We study black hole-host galaxy correlations, and the relation between the overmassiveness (the distance from the average M BH-σ relation) of supermassive black holes (SMBHs) and the star formation histories of their host galaxies in the Illustris and TNG100 simulations. We find that both simulations are able to produce black hole scaling relations in general agreement with observations at z = 0, but with noticeable discrepancies. Both simulations show an offset from the observations for the M BH-σ relation, and the relation between M BH and the Sérsic index. The relation between M BH and stellar mass M ∗ is tighter than the observations, especially for TNG100. For massive galaxies in both simulations, the hosts of overmassive SMBHs (those above the mean M BH-σ relation) tend to have larger Sérsic indices and lower baryon conversion efficiency, suggesting a multidimensional link between SMBHs and the properties of their hosts. In Illustris, the hosts of overmassive SMBHs have formed earlier and have lower present-day star formation rates, in qualitative agreement with the observations for massive galaxies with σ > 100 km s-1. For low-mass galaxies, such a correlation still holds in Illustris but does not exist in the observed data. For TNG100, the correlation between SMBH overmassiveness and star formation history is much weaker. The hosts of overmassive SMBHs generally have consistently larger star formation rates throughout history. These galaxies have higher stellar mass as well, due to the strong M BH-M ∗ correlation. Our findings show that simulated SMBH scaling relations and correlations are sensitive to features in the modeling of SMBHs.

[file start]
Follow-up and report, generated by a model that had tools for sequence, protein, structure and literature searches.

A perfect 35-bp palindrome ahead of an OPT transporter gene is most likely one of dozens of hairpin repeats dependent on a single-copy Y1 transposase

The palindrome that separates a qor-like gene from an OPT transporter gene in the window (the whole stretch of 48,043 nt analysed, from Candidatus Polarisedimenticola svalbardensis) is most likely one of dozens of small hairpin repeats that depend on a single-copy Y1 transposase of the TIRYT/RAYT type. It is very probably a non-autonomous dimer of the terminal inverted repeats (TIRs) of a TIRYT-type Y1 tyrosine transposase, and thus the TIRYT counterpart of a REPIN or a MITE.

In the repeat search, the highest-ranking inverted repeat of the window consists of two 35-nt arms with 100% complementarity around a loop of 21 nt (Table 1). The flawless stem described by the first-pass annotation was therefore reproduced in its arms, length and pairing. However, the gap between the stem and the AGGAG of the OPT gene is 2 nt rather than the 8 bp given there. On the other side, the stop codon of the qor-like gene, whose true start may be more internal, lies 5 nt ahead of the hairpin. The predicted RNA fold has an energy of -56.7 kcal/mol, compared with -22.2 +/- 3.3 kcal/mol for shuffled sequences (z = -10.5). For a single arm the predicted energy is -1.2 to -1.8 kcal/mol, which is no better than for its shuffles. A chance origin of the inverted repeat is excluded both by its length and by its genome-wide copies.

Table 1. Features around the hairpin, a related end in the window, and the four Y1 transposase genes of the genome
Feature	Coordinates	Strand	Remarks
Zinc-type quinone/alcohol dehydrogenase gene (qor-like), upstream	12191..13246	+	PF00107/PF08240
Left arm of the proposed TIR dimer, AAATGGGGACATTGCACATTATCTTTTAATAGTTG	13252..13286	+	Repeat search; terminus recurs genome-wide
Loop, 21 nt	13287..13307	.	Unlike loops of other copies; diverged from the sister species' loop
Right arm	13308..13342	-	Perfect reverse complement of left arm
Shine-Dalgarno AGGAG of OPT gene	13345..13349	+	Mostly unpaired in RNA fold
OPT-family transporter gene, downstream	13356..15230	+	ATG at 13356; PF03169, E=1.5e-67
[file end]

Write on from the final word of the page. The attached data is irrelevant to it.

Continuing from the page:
All Science Journal Classification (ASJC) codes
- Astronomy and Astrophysics
- Space and Planetary Science